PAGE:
The evidence was held sufficient to show that the defendant's refusal to sell the plaintiff at the dealer's discount was with intent to monopolize the trade in photographic supplies and in pursuance thereof to own or control for its own interests the retail sale of such supplies, without competition from other dealers such as the plaintiff. It appears from the opinion of the case in the Circuit Court of Appeals, 5 Cir., 295 F. 98, 100, that in January 1910 the defendant's parent company purchased the Glenn Photo Supply Co., a retail store, in Atlanta, and shortly thereafter the defendant corporation refused to make further sales to the plaintiff at dealer's discount.
These two cases, one illustrating a restraint of trade, and the other a monopoly of trade, are very different from the case as made in the declaration here. The articles of trade here involved are cheeses and mayonnaise of which there is common knowledge that there are many makes and brands on the market. Although the declaration alleges that the defendant corporation is the result of several combinations of other corporations, there is no allegation of any effort or attempt to monopolize the market in cheese or mayonnaise products generally. Nor is there any allegation of any combination or conspiracy between two or more manufacturers of cheese and mayonnaise products to deprive the plaintiff of an opportunity to deal in cheese and mayonnaise of other manufacturers at dealers' customary discounts. The conspirators here named are a rather unusual group with respect to restraint or monopoly of trade as the conspiracy was said to be between the defendant corporation and its agents, and one Carpel, another local retail dealer. But so far as Carpel is concerned, it appears that he was rather a passive object of the conspiracy than an actor therein. Certainly it is not alleged that he did anything in furtherance of a conspiracy. *830 And the inclusion of the defendant's agents in the alleged conspiracy would seem to be only the basis for a technical rather than a substantial charge of conspiracy because obviously the agents were acting only for the defendant corporation. And it may be noted that the agents and Carpel are not named as defendants in the case and no explanation is given of their non-joinder. It is not alleged in the declaration what was the motive, if any, which actuated the agents. If they had any motives personal to themselves in the matter, it is not alleged. If they had improper personal motives and combined to carry them out through the medium of the defendant corporation to the prejudice of the plaintiff, it is conceivable that a common law tort suit might lie against them; but it is difficult to see how that would constitute either restraint of trade or monopoly of trade on the part of the defendant corporation.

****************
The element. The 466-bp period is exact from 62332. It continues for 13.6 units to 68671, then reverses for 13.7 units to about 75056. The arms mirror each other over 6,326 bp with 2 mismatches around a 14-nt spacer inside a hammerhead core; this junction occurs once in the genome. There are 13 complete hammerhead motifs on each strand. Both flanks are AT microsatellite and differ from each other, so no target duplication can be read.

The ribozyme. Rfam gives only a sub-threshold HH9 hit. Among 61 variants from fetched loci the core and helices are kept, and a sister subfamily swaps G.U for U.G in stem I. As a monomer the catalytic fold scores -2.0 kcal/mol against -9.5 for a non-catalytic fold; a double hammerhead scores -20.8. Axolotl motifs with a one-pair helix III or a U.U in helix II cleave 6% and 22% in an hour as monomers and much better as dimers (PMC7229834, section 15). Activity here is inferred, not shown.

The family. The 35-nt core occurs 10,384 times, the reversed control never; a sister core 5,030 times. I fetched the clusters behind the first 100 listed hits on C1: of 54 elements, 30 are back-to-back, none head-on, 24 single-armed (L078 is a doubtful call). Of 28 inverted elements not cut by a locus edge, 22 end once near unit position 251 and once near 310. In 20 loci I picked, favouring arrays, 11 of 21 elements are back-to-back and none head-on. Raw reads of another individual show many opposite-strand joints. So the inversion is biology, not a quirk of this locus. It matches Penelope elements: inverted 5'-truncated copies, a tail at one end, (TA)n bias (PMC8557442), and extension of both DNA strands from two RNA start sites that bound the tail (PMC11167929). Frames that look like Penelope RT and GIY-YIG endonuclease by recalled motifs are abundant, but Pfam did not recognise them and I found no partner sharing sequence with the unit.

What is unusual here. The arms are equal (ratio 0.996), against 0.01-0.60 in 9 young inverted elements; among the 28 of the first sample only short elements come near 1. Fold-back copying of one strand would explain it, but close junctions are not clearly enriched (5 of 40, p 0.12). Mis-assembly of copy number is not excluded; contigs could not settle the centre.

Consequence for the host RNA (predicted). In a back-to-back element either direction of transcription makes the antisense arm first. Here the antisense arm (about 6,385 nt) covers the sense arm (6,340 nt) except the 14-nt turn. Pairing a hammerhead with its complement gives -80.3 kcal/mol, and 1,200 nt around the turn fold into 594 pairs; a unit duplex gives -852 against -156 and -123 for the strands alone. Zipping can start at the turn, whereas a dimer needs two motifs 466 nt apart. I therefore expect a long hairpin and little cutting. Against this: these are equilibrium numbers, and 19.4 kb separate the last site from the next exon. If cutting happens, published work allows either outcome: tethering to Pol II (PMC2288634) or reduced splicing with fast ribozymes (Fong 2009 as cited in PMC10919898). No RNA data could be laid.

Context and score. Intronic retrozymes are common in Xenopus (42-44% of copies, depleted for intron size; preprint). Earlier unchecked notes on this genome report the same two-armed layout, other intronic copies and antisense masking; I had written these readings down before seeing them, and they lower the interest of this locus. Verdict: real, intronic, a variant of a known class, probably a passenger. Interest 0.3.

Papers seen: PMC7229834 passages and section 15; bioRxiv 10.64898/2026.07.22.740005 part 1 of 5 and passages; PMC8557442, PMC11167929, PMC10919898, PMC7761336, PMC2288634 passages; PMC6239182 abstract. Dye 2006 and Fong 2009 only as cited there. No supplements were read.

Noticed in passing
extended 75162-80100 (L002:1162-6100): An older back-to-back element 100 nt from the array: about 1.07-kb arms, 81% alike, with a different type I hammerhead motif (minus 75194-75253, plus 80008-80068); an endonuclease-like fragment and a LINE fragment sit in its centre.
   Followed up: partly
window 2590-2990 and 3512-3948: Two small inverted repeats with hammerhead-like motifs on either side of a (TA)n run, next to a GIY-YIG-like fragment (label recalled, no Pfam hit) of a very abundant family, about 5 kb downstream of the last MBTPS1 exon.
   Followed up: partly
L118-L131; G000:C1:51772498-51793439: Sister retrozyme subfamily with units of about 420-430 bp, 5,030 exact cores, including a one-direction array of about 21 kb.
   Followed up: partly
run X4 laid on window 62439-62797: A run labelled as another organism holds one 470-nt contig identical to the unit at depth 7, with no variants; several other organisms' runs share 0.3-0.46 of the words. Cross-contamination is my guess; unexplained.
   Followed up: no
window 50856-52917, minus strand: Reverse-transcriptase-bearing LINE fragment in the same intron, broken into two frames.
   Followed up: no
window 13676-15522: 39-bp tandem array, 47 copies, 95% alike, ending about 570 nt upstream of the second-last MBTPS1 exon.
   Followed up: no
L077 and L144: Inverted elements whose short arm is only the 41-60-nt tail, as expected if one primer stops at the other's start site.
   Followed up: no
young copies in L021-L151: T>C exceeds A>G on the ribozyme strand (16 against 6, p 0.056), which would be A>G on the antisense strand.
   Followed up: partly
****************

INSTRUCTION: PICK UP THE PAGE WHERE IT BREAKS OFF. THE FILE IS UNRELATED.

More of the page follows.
Nor are the facts in this declaration at all comparable to those in the Eastman case. There is nothing in the single set of facts here alleged from which there could be any reasonable inference that the defendant corporation was endeavoring to restrain or monopolize trade in these products. It is not here alleged, as appeared in the Eastman case, that the defendant had acquired or was desirous of acquiring a retail store in Baltimore for the sale of its products and the profit therefrom without competition from the plaintiff. On the contrary, what is alleged in the declaration seems to point very clearly to the fact that the motive of the defendant was simply to collect a possibly precarious debt from Carpel.
It is not generally desirable to decide cases of doubtful import on the pleadings only as by demurrer. But suits of this character involving alleged conspiracies to monopolize or restrain trade often lead to very protracted trials and it is not reasonable to subject either or both parties to the expense of a long trial when it fairly appears with reasonable clarity from the declaration that conceding all the facts therein well pleaded, there would have to be a directed verdict against the plaintiff; especially where, as here, we are dealing with a declaration which has been amended after full argument and considered opinion on the original declaration.
And as previously indicated above and also in the opinion on the first demurrer, the essential nature of the plaintiff's case is in the nature of a private tort rather than a public wrong with only incidental particular damage to the individual plaintiff. But plaintiff's counsel has expressly disclaimed that basis for the consideration of the suit which indeed is not possible under the declaration as drawn as it expressly and specifically is based on the Sherman and Clayton Acts.
It results that the demurrer to the declaration and to each count thereof must be and is hereby sustained.